Latvia’s prime minister resigns over deadly supermarket collapse

Latvian Prime Minister Valdis Dombrovskis, front center, visits a collapsed supermarket in the capital, Riga, last week.
Latvian Prime Minister Valdis Dombrovskis, front center, visits a collapsed supermarket in the capital, Riga, last week.
(Roman Koksarov / Associated Press)

Latvian Prime Minister Valdis Dombrovskis abruptly resigned Wednesday, saying he was taking “political responsibility” for a supermarket collapse that killed more than 50 people last week and caused outrage in the small Baltic nation.

Dombrovskis, who took office at the height of the European economic crisis in 2009, told reporters that the country needs a new, broad-based government that will have the support of Parliament.

“I wish to thank Latvia’s society for support during the trying period when the country was battling the economic and financial crisis to return to the path of growth,” Dombrovskis was quoted as saying by the Latvian news agency LETA. “I also apologize for all that we have failed to achieve.”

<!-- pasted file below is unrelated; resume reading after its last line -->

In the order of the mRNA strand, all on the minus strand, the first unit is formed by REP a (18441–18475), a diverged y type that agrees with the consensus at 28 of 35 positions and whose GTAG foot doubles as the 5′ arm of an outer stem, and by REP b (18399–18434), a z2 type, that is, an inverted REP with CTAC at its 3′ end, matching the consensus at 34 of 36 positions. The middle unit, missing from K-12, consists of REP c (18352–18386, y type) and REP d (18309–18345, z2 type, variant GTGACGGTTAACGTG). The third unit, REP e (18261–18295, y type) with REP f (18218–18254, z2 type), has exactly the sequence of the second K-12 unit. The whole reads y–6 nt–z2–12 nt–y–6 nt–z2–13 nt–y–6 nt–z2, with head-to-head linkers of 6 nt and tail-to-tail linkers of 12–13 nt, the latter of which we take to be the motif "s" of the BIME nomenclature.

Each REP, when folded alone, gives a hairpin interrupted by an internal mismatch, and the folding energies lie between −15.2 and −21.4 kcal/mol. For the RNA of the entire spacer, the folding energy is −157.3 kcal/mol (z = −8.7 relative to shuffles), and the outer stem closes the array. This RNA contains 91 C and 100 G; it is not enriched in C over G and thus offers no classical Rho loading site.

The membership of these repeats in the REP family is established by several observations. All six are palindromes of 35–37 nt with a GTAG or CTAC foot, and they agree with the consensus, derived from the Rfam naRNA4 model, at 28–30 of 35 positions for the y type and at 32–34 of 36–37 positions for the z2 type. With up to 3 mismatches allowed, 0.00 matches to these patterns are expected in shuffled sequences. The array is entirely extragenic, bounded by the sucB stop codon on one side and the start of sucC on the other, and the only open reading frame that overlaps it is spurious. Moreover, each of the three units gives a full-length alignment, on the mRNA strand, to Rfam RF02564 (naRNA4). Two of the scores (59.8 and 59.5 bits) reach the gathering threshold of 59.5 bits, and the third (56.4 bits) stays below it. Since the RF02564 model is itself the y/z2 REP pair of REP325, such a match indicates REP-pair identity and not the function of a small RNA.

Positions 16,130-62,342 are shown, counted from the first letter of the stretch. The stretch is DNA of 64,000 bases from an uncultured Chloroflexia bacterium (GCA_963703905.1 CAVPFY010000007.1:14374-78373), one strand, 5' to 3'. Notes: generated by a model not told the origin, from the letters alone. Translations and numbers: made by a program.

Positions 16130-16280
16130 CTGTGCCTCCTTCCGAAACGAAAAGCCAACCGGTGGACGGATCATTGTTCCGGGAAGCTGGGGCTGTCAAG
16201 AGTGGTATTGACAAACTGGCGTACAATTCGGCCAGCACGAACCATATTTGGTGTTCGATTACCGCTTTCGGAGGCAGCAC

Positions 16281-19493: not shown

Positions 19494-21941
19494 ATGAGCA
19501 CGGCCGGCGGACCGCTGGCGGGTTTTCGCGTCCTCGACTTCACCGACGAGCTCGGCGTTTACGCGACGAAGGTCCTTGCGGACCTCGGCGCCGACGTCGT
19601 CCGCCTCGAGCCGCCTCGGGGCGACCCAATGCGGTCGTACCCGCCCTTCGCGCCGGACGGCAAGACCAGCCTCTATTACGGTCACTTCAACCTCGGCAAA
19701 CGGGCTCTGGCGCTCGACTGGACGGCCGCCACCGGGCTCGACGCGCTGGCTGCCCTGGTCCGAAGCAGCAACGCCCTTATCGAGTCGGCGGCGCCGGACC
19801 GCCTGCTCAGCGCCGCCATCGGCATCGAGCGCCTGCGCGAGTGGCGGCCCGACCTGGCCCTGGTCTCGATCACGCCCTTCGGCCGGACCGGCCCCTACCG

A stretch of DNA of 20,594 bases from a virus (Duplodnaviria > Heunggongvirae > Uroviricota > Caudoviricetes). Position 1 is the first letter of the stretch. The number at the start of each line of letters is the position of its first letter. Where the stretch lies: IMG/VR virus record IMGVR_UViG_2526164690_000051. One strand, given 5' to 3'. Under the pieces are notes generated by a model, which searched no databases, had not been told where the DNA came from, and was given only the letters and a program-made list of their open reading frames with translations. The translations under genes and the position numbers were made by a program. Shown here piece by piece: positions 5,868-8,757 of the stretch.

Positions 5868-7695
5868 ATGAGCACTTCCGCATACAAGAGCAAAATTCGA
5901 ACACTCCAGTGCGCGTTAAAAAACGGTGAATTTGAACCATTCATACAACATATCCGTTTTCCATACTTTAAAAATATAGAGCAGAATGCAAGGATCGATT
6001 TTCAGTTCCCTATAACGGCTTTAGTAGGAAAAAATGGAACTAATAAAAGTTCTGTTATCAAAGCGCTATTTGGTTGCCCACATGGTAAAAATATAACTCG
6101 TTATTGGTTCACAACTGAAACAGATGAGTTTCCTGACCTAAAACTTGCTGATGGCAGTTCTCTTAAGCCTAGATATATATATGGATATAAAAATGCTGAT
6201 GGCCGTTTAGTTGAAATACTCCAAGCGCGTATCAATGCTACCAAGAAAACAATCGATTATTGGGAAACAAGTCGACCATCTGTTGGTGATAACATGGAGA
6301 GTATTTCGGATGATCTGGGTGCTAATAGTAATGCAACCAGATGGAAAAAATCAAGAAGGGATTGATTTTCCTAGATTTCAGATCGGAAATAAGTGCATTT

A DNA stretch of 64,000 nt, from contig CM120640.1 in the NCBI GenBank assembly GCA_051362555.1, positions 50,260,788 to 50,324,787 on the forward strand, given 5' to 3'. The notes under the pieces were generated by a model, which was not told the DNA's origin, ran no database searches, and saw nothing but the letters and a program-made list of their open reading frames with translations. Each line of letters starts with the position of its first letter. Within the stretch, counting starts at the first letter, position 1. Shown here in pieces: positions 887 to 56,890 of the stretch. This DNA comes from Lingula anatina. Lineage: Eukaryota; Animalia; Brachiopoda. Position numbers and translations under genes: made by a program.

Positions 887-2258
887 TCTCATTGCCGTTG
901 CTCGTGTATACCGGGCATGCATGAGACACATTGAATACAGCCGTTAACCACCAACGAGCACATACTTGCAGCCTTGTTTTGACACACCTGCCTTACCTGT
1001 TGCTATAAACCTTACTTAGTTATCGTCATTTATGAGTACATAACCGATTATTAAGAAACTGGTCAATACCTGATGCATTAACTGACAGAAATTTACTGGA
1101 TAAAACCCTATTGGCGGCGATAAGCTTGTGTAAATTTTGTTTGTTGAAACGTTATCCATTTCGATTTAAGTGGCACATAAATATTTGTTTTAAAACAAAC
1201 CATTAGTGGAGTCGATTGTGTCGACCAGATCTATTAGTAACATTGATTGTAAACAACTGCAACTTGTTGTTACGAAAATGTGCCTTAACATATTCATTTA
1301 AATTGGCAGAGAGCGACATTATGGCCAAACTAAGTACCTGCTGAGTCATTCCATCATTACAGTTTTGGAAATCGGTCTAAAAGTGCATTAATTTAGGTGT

At least 54 people, including three firefighters, were killed and dozens injured in the Nov. 21 collapse at a Maxima supermarket in the Zolitude neighborhood of the capital, Riga. First, part of the roof caved in, then a wall came crashing down as rescue teams worked at the scene.

According to local news reports, it was the largest loss of life since Latvia declared independence from the Soviet Union in 1991.

Dombrovskis’s unexpected announcement followed a meeting Wednesday with President Andris Berzins, who has called the disaster “murder.”

“I wish to ask every person looking ahead to evaluate their responsibility and act accordingly,” Berzins was quoted as saying this week. He is expected to begin talks with political parties next week about forming a new governing coalition.

The cause of the collapse is under investigation, but officials have speculated that poor construction and lack of oversight may have played a part.

A national building inspectorate was phased out under Dombrovskis’ government as part of tough austerity measures introduced amid a deep recession. Latvia received a bailout from the European Union and International Monetary Fund in 2008, but now has the EU’s fastest growing economy.


It enters the Eurozone on Jan. 1.


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Twitter: @alexzavis